What a joke
What do you find offensive? Where do you draw the line? How do you define comedy?
Tell us all about it.
The Reflector gives a voice to students at Mount Royal University and the wider community. It provides a snapshot of what’s relevent, while mixing in the odd dose of irreverent humour.
In the Jan. 19 issue, we published an article on the most overused words in the English language in which the phrase “Does the term ‘baby bump’ make you want to punch a pregnant woman?” was used.
It upset at least one reader who accused the publication of not understanding the nature of violence in relation to comedy and reflecting society’s endorsement of violence towards women.
It also sparked discussion regarding the nature of comedy and how seemingly innocent phrases can unintentionally be seen as offensive and even dangerous.
In short, The Reflector was being The Reflector, a student-driven newspaper with diverse ideas about everything from life and love to comedy.
We are not in the business of condoning violence against women. Period.
In the context of the article in question, the author was using hyperbole to make a point. Of course, disliking the phrase “baby bump” is not equal to punching a pregnant woman, but drawing an extreme comparison was what the author deemed to be funny. You’re welcome to disagree.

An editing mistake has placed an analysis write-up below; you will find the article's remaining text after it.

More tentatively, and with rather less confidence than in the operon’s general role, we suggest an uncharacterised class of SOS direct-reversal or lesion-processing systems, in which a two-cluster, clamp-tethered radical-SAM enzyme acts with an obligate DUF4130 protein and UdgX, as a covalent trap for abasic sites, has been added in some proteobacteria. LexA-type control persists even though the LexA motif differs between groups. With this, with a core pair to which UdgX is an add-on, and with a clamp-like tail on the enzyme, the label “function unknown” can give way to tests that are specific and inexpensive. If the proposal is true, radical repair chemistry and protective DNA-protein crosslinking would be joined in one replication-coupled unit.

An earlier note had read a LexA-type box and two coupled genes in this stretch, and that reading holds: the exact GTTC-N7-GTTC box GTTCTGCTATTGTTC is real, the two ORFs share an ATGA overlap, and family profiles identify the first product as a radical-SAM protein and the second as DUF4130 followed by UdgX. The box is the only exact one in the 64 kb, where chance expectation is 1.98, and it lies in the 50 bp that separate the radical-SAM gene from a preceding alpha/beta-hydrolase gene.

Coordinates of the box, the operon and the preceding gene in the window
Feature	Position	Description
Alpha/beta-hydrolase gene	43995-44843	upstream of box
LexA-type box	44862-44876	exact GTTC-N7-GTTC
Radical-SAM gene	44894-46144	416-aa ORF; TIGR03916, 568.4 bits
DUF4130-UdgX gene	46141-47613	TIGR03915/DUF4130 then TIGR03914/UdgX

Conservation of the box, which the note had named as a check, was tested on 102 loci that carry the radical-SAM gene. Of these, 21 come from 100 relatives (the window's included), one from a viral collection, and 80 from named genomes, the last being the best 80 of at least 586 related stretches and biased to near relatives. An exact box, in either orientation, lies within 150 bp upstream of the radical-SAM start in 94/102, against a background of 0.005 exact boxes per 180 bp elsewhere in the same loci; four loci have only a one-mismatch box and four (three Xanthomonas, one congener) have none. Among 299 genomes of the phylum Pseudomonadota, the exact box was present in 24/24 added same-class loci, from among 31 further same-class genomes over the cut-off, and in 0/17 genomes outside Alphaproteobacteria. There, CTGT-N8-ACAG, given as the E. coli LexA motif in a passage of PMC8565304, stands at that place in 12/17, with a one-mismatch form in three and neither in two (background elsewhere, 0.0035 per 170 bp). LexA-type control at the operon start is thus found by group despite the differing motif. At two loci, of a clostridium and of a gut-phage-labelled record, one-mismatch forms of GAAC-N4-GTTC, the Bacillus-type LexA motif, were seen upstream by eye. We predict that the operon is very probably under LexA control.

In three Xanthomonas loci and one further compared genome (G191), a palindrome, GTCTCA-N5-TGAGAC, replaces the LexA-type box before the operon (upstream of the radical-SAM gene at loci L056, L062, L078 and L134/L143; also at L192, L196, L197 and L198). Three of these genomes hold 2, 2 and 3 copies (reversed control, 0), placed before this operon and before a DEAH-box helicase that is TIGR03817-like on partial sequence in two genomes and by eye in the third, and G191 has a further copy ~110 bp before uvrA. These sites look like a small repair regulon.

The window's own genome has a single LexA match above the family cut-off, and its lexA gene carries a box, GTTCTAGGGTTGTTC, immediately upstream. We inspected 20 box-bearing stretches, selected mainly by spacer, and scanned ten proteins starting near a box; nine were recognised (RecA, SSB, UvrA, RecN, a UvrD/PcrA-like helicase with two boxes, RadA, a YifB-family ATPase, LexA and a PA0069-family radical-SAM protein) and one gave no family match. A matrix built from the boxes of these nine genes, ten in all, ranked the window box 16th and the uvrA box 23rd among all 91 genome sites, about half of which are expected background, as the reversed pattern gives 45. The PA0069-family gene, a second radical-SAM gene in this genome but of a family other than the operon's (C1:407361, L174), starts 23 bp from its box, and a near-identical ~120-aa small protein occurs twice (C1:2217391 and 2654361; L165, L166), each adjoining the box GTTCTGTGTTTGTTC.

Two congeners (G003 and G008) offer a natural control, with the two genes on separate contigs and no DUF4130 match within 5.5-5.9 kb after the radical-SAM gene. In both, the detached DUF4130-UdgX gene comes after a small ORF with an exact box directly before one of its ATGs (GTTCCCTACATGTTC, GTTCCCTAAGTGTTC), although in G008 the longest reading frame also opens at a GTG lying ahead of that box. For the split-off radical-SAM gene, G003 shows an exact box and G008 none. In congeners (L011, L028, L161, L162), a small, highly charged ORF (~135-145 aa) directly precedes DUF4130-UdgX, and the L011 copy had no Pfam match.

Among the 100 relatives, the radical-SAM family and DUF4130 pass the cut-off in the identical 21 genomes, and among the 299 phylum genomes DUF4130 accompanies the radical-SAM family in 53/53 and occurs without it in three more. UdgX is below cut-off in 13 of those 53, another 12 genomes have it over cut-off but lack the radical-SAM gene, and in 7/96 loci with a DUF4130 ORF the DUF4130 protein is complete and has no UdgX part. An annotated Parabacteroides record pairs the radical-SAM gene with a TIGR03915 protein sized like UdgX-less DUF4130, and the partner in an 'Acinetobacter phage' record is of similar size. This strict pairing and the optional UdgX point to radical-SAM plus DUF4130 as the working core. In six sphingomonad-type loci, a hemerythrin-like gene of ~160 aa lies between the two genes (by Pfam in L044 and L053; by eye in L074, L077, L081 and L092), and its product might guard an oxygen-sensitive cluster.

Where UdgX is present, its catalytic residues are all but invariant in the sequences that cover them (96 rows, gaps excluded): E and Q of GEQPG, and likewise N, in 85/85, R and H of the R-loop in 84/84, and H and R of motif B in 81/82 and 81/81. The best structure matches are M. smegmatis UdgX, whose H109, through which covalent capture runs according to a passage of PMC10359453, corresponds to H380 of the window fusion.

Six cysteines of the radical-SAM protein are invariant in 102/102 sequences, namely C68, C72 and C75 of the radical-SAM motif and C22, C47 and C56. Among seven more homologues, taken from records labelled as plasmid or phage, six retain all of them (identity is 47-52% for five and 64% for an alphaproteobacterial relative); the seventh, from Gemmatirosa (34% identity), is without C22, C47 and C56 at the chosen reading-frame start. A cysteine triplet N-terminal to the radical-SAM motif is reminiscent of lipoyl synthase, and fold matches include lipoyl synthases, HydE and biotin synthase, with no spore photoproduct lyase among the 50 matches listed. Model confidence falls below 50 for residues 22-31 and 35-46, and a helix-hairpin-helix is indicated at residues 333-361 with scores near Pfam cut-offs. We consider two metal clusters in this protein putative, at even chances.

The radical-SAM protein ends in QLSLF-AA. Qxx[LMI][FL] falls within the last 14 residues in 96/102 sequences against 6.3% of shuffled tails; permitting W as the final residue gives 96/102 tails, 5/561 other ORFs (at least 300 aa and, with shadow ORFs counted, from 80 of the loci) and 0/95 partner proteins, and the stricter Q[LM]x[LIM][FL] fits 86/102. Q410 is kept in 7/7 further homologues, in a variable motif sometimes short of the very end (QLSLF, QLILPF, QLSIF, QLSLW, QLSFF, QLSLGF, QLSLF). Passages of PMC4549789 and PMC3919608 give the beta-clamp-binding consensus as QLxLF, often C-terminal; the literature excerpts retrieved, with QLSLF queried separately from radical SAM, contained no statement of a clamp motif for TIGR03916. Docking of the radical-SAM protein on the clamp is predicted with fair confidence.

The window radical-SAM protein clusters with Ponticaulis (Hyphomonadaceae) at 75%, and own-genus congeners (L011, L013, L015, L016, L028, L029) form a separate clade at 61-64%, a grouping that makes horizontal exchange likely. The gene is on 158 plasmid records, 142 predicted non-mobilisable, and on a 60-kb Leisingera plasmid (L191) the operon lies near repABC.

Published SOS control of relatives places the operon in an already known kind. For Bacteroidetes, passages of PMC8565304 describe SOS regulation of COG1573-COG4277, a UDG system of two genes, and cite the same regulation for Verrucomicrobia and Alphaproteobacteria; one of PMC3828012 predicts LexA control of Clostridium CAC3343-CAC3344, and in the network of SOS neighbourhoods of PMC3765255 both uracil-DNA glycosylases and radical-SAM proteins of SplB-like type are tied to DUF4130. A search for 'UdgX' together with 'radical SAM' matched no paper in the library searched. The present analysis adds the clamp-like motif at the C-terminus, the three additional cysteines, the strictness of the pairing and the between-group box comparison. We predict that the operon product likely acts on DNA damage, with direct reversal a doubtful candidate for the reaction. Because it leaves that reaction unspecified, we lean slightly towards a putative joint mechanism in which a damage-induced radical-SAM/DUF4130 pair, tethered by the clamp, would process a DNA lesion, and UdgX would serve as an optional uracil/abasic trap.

Our editors literally spent hours discussing the issue and have reached various — albeit fragmented — conclusions. However, this publication clearly endorses contributors’ rights to free expression, especially pertaining to comedy as it’s so subjective. There are limits, but we’d like to give readers credit for having some common sense.
Society’s fear of being offensive has started hindering free expression. University campuses should be flooding with ideas and dialogue. Must all conversation be mundane, neutral or balanced? There are alternative publications on campus for that.
Comedy gets young people talking about issues they otherwise wouldn’t. Think Jon Stewart, Stephen Colbert or political satire of any kind. This form of comedy relies on pundits to point out the ridiculousness of a viewpoint — like banning words.
The Reflector encourages readers to submit their opinions regarding the stories we print.
Comments? Visit thereflector.ca or in person at our office in the basement of Wyckham House.